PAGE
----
Putin to Visit Turkey Next Week for Jerusalem, Syria Talks

Russian President Vladimir Putin and Turkish Prime Minister Recep Tayyip Erdogan met in Moscow
Russian President Vladimir Putin (left) and Turkish President Recep Tayyip Erdogan shake hands in Moscow on Friday. Photo: AP

Russian President Vladimir Putin will visit Turkey next week for talks with his counterpart Recep Tayyip Erdogan on Syria and the United States’ recognition of Jerusalem as Israel’s capital, the Turkish presidency said in a statement on Friday.

Mr. Putin will visit Ankara on Monday “at the invitation of” Erdogan, the presidency said, adding that the talks would focus on the latest developments on Jerusalem and the situation in Syria.

The Kremlin confirmed the visit, saying the two men planned to “discuss current questions of bilateral cooperation and above all the progress of joint projects in energy.”

This appeared to be a reference to the TurkStream pipeline that is being built under the Black Sea to pump Russian natural gas to Turkey, and also to the Akkuyu nuclear power plant Moscow is building in southern Turkey.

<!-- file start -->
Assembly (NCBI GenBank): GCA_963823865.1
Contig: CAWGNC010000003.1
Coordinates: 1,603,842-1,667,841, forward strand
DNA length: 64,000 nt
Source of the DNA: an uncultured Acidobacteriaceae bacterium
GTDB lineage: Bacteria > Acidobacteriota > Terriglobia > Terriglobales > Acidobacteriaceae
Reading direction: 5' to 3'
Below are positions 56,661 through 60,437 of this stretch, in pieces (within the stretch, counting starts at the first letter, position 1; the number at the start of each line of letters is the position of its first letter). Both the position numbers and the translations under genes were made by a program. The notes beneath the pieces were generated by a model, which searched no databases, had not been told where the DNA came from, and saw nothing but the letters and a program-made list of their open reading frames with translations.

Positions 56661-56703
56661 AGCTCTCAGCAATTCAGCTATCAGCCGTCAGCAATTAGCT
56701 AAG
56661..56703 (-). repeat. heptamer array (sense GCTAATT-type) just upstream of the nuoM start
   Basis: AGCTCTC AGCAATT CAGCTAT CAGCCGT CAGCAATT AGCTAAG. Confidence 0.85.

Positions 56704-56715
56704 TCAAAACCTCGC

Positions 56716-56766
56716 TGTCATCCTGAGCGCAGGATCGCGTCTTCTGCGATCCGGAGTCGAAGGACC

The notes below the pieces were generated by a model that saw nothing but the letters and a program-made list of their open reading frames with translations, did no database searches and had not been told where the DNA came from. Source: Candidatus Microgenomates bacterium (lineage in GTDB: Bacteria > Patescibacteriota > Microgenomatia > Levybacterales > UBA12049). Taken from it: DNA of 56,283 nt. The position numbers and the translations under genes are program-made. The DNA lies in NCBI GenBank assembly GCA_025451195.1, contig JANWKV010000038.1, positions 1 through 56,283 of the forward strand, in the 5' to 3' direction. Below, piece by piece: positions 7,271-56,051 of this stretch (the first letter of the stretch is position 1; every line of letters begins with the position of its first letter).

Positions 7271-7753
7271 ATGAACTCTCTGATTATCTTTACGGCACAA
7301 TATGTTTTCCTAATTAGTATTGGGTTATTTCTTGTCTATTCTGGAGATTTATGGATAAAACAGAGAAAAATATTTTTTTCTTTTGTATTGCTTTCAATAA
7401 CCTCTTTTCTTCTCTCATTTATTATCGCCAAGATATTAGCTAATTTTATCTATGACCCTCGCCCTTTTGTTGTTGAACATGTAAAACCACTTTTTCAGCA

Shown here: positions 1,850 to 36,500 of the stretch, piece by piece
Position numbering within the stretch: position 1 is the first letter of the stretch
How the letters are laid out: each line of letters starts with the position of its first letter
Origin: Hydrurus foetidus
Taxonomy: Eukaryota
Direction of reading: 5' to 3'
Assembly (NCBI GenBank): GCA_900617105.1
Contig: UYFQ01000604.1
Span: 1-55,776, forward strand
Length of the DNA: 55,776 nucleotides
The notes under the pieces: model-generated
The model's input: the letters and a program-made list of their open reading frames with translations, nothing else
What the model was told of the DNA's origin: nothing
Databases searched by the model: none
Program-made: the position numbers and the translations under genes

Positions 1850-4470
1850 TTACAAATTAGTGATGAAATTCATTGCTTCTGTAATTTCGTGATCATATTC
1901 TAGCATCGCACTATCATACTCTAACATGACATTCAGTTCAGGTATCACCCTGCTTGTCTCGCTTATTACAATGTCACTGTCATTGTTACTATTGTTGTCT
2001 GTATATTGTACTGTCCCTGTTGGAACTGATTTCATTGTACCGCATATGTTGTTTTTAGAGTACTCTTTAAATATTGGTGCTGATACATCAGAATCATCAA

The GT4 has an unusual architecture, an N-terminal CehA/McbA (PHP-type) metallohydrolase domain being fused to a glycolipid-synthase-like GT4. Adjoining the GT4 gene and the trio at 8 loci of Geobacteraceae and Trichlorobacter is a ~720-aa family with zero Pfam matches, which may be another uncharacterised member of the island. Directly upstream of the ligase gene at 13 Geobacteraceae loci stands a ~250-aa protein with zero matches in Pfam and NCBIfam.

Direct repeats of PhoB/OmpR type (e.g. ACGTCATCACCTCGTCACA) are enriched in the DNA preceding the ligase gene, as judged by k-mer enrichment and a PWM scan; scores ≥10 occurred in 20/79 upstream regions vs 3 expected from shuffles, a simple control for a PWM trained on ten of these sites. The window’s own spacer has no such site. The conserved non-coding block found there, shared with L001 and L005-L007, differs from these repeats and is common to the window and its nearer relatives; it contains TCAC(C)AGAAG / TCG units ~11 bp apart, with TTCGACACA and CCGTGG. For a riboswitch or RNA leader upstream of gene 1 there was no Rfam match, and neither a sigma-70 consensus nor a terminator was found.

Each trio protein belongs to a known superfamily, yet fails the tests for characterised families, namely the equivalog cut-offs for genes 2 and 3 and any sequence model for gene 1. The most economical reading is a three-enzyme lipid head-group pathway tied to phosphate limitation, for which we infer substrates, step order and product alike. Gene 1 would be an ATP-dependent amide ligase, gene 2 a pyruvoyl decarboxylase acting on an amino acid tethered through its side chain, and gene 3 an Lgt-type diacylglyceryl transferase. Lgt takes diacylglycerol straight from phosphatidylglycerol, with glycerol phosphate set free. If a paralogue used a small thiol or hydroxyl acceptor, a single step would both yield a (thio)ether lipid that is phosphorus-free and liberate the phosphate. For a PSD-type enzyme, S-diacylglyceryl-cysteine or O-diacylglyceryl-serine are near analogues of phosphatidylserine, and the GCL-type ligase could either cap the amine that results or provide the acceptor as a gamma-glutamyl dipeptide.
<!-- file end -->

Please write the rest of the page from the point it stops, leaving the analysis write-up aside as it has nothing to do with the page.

It added that talks are also scheduled “on key international problems, including the situation in the Middle East and finding a solution in Syria.”

The latest encounter between the two leaders comes at a time of intense diplomacy between Turkey and Russia, especially over Syria.

It will be their eighth face-to-face meeting this year.

Russia, along with Iran, is the key backer of Syrian President Bashar al-Assad, and Moscow’s military intervention inside Syria is widely seen as having tipped the balance in the conflict.

Turkey, however, has backed the rebels seeking Mr. Assad’s ouster in a conflict that has left more than 330,000 dead.

But Russia and Turkey have been working together since a 2016 reconciliation deal ended a crisis caused by the shooting down of a Russian warplane over Syria.

In recent months, Turkey has markedly toned down its criticism of the Assad regime and focused on opposing a Syrian Kurdish militia seen by Ankara as a terror group.

Their last meeting was on November 22 in the Russian resort of Sochi, when they were joined by Iranian President Hassan Rouhani for a three-way summit on Syria.

Both Turkey and Russia have expressed alarm at the U.S. move to recognise Jerusalem as the capital of Israel.

Mr. Putin said he was “deeply concerned” while Mr. Erdogan has taken a strong line against the move and called an emergency summit meeting of the Organisation of Islamic Cooperation for December 13 in Istanbul.